Artist Kirk Rojas Honors V.I. Culture and History for Emancipation Day

Freedom (Art Created and provided by Kirk Rojas of Remedii Productions)

Emancipation Day commemorates a day in the U.S. Virgin Islands when the enslaved fought and won their freedom on July 3, 1848. Moses Gottlieb, better known as General Buddhoe, is a pivotal player in this fight and is depicted in an original art piece created by Kirk Rojas. The words “freedom” across this multi-colored and vibrant piece rings ever so powerfully as the territory reflects on all that has transpired in 2020. For Rojas, the creative director of Remedii Productions, this piece is a contribution to the current movement for social justice.

“I consider myself a digital artist,” said Rojas, who began studying art while attending Good Hope School on St. Croix. While in school, Rojas displayed one of his art pieces and was offered money from an interested buyer. The joy he felt in creating something and getting paid was fulfilling, he said.

“After that point, I realized that there was something I can actually hold on to,” Rojas said.  He then continued to develop and improve while studying at Barry University in Miami, Florida. “I began learning graphic design in college and it has grown into digital art, video design, and animation.”

The inspiration behind Rojas’ freedom piece is a reflection on Emancipation Day. “It is a celebration of V.I. history and the people who were willing to stand up and fight for freedom, and it feels so relevant today,” he said. “I find it so meaningful right now as so many social injustices are being brought to light and the community is saying enough is enough.”

Rojas’ work has become extremely popular on social media. The people he has worked with include Pressure Busspipe, Tia, Rudy Live, several local senatorial campaigns, Wendy’s USVI, the V.I. Consortium, and popular clothing brands like Apollo Legion.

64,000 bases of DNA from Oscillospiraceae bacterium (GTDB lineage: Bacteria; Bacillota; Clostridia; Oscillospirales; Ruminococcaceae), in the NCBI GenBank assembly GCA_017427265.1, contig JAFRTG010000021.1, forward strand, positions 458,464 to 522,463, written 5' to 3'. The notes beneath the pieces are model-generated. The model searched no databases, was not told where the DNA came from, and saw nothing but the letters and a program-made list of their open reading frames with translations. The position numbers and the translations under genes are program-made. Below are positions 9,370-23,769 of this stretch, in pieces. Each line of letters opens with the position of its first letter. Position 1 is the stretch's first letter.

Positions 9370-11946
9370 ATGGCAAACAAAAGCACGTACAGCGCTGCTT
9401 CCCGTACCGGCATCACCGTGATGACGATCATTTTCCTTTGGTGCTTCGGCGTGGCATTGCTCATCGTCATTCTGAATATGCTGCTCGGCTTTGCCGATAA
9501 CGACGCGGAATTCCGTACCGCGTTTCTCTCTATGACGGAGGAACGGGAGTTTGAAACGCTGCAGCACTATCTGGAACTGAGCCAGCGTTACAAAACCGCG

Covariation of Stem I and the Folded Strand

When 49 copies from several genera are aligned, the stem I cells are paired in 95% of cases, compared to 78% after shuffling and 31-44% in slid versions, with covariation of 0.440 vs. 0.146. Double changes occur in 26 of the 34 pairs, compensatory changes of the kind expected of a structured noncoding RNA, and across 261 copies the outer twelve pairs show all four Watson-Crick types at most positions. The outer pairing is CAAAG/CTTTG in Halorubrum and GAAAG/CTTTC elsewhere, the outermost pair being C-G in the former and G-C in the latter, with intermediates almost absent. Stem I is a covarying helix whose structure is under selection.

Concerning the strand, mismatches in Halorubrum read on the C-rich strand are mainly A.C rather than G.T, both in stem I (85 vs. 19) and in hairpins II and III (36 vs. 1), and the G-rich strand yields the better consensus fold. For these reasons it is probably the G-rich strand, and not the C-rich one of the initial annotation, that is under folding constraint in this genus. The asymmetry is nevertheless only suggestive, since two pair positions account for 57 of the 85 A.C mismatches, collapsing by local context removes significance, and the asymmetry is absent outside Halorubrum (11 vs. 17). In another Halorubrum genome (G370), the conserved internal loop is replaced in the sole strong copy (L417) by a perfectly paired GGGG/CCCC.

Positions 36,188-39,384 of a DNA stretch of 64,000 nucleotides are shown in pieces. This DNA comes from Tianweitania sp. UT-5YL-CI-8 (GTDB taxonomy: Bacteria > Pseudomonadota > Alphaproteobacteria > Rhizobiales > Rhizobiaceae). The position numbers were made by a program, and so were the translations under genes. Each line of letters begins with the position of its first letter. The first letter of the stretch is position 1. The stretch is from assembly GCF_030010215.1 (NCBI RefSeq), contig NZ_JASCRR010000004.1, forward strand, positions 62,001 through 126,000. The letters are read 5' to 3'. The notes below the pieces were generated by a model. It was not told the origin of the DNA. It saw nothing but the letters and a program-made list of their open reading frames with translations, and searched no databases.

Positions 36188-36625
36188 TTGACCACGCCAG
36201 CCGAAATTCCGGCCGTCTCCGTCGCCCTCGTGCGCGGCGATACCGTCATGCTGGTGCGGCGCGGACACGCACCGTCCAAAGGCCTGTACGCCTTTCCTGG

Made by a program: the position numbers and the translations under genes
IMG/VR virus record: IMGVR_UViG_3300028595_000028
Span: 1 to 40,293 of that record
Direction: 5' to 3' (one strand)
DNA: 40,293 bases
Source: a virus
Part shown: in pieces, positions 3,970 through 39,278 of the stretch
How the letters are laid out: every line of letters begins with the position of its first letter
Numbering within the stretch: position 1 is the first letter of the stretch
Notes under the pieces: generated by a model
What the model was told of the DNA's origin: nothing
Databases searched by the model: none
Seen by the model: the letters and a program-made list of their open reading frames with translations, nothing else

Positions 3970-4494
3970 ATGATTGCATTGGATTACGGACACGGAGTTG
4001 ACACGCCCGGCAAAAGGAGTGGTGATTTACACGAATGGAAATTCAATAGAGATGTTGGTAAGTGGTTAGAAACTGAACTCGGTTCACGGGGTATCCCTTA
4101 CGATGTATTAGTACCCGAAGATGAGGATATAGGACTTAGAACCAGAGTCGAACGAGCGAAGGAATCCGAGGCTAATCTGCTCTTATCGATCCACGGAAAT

Even more recently, Congresswoman Stacey Plaskett held a video competition in which contestants had to create a video explaining to tourists the importance of wearing masks and practicing social distancing while visiting the territory. Rojas entered the competition and won.

“I have been transitioning from a graphic designer to more of a multimedia designer to include more things like video production and animation,” Rojas said. “When I saw that the congresswoman’s office had posted a flyer on a social media video contest, I thought it was the perfect opportunity to create something that spoke to that.” He then jumped on the phone with his collaborator Julio Petersen III, put together a script, created the animation and it all came together.

“Being that I do not live at home anymore I feel like I try to find ways to stay connected,” Rojas said.

Virgin Islands and Caribbean history most inspires Rojas. “I have some digital artwork that is inspired by the madras movement that has happened in recent years,” he said. He is currently working on some projects that will feature well-known Virgin Islands and Caribbean stories passed on from generation to generation. He will transform these stories into an animation that generations to come can see and share.

“It is more fulfilling to pull from V.I. history and Caribbean history,” Rojas said. “I find inspiration in a lot of my peers that are expressing their love for our culture through art, fashion, music, photography, and videography. We are at a great point in time where our artists and creators are embracing our past, sharing it with the world, and defining it for the next generation.”

More of Rojas’ work can be viewed and purchased here. Remeddii Productions is also on Facebook and on Instagram.